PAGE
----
Iraq's neighbors, meeting in Kuwait, have praised the Iraqi government's efforts to curtail violence and broaden the political process. But the Iraqi prime minister appealed to his neighbors to do more to help stabilize Iraq. VOA Correspondent Challiss McDonough has more from our Middle East bureau in Cairo.
Iraq's neighbors and and leading Western nations meeting in Kuwait have issued a communiqué praising Iraq's efforts to broaden participation in the political process and build dialogue across the country's political and sectarian divides.
Iraq's Sunni Arab neighbors have in the past criticized Iraq's Shi'ite- and Kurdish-led government for not doing enough to bring Sunnis into the political process, and have accused it of failing to crack down on Shi'ite armed groups as strictly as does on Sunni ones. But the conference communiqué praised Iraq's commitment to disarm all militias.
The meeting in Kuwait came as Iraqi security forces have been battling Shi'ite militias in Basra and the Baghdad district of Sadr City, both strongholds of the cleric Moqtada al-Sadr. On Sunday, Sadr threatened to declare "open war" if the crackdown continues.
As the conference opened, Iraqi Prime Minister Nouri al-Maliki issued a strongly worded appeal to Iraq's neighbors to do more. He asked them to help control militant groups using their territory to launch attacks on Iraq. He also urged them to re-establish full diplomatic relations with Baghdad.
He said it is difficult for Iraq's government to explain why Iraq's neighbors have not revived ties with Baghdad. He said many other countries have kept diplomatic missions in Baghdad regardless of security considerations.
No Sunni Arab state has a full-time ambassador in Iraq. By contrast, Iran, a non-Arab, mostly Shi'ite country that fought a long war with Iraq in the 1980s - has resumed full diplomatic ties.
U.S. and Iraqi officials have pressured Arab states to establish diplomatic relations, saying this will bolster Iraq's stability and integration in the region.
Many Arab states say they remain concerned about the lack of security in Iraq. Jordan's embassy in Baghdad was bombed in 2003. Egypt's ambassador to Iraq was kidnapped and killed in 2005 and has not been replaced.
French Foreign Minister Bernard Kouchner said European countries also need to normalize relations with Baghdad.
"We must be all of us, all the European Union present, opening or reopening embassies and helping the people. One of these days the Americans will leave, they would leave, so we have to prepare to be close to our friends, the Iraqis," said Kouchner.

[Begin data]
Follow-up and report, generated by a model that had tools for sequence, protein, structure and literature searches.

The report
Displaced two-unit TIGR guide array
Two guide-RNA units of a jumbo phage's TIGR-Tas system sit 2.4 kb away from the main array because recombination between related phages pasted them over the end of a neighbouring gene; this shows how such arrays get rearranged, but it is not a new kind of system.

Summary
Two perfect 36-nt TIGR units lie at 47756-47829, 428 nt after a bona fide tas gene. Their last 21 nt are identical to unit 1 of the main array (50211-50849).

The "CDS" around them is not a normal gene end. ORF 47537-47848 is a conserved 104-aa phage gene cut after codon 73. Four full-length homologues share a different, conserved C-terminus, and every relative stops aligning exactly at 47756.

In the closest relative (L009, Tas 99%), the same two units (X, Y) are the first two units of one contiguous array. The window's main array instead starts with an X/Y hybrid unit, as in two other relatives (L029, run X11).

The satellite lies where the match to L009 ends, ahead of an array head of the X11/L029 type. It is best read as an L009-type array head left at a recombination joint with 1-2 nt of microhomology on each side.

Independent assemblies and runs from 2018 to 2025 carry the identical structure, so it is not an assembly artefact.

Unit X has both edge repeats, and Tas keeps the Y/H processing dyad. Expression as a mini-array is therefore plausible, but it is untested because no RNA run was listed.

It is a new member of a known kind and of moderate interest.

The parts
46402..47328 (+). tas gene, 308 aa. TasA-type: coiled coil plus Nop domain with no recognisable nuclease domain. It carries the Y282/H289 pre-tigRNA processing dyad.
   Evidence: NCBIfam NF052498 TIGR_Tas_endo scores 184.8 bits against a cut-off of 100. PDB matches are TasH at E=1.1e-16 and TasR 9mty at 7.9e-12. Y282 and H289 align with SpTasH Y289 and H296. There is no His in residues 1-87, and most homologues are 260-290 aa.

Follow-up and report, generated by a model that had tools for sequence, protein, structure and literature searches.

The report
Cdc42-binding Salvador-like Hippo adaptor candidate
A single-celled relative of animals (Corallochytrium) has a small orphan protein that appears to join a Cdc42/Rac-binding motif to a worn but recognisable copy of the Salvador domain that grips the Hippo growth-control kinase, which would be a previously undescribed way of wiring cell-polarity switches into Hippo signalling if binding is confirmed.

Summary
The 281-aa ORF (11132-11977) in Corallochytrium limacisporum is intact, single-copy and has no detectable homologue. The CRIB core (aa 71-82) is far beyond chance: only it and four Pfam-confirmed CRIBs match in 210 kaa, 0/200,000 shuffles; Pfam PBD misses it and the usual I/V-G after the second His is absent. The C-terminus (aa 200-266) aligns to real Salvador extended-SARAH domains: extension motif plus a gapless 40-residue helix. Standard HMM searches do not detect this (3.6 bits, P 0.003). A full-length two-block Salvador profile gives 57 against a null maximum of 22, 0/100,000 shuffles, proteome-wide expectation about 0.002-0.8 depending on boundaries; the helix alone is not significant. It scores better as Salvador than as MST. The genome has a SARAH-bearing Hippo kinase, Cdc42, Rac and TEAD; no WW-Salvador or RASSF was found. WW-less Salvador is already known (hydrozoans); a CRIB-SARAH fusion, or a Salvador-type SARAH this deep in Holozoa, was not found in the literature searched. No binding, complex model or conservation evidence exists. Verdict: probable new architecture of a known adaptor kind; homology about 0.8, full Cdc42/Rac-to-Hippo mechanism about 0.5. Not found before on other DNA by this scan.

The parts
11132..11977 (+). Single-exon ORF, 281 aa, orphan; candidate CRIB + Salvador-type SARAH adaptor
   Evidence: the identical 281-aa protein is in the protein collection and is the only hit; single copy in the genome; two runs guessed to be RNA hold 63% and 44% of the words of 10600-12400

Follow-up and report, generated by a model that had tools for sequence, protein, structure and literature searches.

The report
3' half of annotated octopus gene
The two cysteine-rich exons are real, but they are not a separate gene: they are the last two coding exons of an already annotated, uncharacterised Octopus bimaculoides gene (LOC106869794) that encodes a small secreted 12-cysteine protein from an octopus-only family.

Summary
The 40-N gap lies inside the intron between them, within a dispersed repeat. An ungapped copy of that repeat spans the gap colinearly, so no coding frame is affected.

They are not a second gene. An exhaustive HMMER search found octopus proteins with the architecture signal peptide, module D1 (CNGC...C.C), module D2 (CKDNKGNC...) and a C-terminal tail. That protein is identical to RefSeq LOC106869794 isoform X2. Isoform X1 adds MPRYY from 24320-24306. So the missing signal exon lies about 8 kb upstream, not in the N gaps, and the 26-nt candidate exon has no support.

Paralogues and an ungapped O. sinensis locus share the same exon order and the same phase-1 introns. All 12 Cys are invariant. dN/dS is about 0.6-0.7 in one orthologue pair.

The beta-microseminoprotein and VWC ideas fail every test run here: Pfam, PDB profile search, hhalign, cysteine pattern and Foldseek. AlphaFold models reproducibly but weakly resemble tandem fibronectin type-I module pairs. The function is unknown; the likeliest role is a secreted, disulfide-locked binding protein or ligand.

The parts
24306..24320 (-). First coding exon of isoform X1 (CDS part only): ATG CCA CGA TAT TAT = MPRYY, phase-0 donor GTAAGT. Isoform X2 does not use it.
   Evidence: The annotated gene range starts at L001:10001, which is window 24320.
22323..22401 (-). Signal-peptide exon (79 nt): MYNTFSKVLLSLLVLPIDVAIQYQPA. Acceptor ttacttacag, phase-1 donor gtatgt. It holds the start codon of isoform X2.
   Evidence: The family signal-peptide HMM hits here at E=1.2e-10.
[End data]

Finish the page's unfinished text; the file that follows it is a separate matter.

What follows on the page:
Mr. Maliki also called on Iraq's neighbors to forgive the country's debt which he said is hurting Iraq's economy.
He said canceling the debt would send the Iraqi people a positive sign that the country's neighbors intend to help Iraqis overcome the crisis they are facing.
The State Department says about $66.5 billion of Iraq's foreign debt has already been canceled, but another $65 billion to $80 billion is owed, mostly to countries.
Iraqi and U.S. officials asked for debt relief at another regional meeting in Bahrain on Monday, but Secretary of State Condoleezza Rice indicated afterward that no commitments have been made.
Iraqi officials said they have also asked Kuwait to waive or reduce tens of billions of dollars in compensation Iraq is to pay for its 1990 invasion of Kuwait. An Iraqi spokesman said the two countries have formed a committee to consider the idea.
On the sidelines of the meeting, Rice told reporters that the Bush administration had explicitly discouraged former President Jimmy Carter from meeting with officials of the Islamic militant group Hamas, which the United States considers a terrorist organization. Mr. Carter met with senior Hamas officials on his recent Middle East trip, including exiled leader Khaled Meshaal.
In Jerusalem on Tuesday, Mr. Carter said that Hamas officials told him they are prepared to accept an Israeli-Palestinian peace agreement if it is put to a Palestinian referendum, but they apparently attached conditions.
Rice said she wanted to make sure there is "no confusion" that the group is not party to the Middle East peace process.
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